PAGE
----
Books By Women: We Have Always Lived in the Castle

Instead of a blurb on the back of my copy of We Have Always Lived in the Castle  (originally published in 1962), Penguin Classics instead included the opening lines of the novel:

My name is Mary Katherine Blackwood. I am eighteen years old, and I live with my sister Constance. I have often thought that with any luck at all I could have been born a werewolf, because the two middle fingers on both my hands are the same length, but I have had to be content with what I had […] I like my sister Constance, and Richard Plantagenet, and Amanita phalloides, the death-cup mushroom. Everyone else in my family is dead.

And because I have a soft spot for female protagonists, especially female protagonists who talk about the weird and the bizarre as if it were normal, I had to buy this book. Yet, it is probably one of the strangest novels I’ve ever read. It is at once a mystery novel (what exactly happened to Mary Katherine’s family?) as well as a study of a town, mob mentality and forgiveness.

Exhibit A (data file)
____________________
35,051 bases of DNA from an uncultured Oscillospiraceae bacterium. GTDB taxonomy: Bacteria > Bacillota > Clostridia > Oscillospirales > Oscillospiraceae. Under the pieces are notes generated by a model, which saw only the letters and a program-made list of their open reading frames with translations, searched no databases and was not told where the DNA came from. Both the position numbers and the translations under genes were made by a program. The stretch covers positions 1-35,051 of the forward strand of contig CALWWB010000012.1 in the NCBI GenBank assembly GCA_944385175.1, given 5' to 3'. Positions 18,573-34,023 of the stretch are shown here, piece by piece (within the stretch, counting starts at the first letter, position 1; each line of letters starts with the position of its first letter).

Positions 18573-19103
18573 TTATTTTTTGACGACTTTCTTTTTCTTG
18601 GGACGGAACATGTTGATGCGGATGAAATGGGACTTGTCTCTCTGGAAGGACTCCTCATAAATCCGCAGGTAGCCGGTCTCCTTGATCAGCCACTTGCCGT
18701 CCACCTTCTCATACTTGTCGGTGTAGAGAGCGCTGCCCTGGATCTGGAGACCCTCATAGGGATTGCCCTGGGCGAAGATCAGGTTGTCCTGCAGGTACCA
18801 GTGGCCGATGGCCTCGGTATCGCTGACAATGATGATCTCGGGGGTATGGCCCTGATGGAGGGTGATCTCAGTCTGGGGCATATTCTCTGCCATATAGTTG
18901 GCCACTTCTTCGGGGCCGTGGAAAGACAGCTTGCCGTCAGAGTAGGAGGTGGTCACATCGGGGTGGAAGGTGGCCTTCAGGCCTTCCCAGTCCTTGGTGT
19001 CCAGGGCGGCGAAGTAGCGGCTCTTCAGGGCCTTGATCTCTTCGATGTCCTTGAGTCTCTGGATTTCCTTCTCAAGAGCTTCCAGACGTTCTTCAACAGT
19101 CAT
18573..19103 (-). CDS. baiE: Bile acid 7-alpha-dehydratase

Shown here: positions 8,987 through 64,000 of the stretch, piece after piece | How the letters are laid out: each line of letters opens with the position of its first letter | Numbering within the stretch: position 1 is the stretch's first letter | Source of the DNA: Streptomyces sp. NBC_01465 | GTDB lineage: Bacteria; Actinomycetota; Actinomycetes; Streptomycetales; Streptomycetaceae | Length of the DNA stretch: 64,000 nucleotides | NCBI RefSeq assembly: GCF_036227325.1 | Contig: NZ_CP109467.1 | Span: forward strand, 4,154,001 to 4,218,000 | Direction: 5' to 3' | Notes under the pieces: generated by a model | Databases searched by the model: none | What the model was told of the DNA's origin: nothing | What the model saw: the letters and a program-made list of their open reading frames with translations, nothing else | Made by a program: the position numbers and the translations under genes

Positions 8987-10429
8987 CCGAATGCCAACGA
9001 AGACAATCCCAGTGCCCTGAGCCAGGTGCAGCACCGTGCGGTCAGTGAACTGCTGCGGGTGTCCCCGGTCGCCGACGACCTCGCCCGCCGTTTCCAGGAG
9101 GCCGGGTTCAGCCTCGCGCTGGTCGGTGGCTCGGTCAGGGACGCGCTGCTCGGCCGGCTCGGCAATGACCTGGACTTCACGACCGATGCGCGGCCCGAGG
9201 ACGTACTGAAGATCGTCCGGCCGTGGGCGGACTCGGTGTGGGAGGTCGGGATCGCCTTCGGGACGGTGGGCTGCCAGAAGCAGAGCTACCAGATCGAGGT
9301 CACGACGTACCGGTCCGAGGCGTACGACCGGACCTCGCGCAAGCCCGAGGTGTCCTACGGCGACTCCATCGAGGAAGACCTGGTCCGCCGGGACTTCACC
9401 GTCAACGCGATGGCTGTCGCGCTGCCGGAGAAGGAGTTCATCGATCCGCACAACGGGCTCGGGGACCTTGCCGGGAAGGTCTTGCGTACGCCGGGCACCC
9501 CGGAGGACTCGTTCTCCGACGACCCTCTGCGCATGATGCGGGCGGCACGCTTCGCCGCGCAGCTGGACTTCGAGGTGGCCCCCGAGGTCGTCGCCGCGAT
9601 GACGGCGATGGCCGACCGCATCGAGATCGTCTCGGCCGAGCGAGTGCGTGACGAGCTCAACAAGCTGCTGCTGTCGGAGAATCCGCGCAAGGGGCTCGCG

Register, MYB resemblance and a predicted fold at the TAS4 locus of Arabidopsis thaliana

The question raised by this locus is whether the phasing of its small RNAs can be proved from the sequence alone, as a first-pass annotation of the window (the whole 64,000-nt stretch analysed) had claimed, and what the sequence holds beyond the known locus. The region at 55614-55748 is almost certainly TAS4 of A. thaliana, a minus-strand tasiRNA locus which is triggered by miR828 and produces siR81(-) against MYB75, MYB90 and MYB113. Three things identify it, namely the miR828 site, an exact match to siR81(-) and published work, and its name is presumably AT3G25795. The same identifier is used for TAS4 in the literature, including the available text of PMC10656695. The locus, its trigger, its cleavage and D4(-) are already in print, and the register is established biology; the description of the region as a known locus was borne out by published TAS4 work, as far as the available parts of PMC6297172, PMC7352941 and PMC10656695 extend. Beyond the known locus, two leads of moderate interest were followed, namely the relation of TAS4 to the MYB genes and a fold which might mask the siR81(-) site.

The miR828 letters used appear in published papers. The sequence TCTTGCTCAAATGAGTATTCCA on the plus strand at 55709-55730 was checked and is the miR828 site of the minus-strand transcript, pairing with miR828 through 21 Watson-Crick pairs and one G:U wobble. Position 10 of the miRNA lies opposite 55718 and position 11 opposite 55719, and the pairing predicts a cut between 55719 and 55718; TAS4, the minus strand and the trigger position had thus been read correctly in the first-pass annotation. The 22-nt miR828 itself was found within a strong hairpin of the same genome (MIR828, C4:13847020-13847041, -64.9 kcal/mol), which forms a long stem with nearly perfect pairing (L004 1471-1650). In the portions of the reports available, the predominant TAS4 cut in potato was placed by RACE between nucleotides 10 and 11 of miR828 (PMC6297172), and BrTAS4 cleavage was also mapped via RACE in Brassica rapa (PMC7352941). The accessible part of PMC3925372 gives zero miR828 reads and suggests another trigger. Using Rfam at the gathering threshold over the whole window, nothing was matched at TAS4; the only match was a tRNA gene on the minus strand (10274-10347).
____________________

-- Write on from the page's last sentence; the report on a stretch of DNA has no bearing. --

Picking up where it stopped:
It’s a Shirley Jackson novel.

That name didn’t mean anything to me either when I bought the book, but Johnathon Lethem explains in the introduction that most people have read Shirley Jackson and just don’t know it. Shirley Jackson wrote the short story “The Lottery.”

we_have_always_lived_in_the_castle_cover

We Have Always Lived in the Castle has the same fantastic use of a small town setting to create a world and a culture, and the same suspenseful build up, allowed to grow that much larger in a novel, than is possible in a short story.

Yet, I’m not sure if I enjoyed it. I would recommend it for its weirdness without expressly being speculative fiction and because Shirley Jackson is a brilliant writer who can write on similar themes across her work and still have them nuanced and fresh. But I’m not sure I enjoyed the novel. I would have to read it again and see if the characters struck me more intensely the second time, or if the plot holds a greater resonance than on the first read.

It’s definitely worth reading, but I’d be interested to know if you come away with the same odd longing for something more that you’re not quite sure how to describe.

Keep on reading! Up next: The New Jim Crow.

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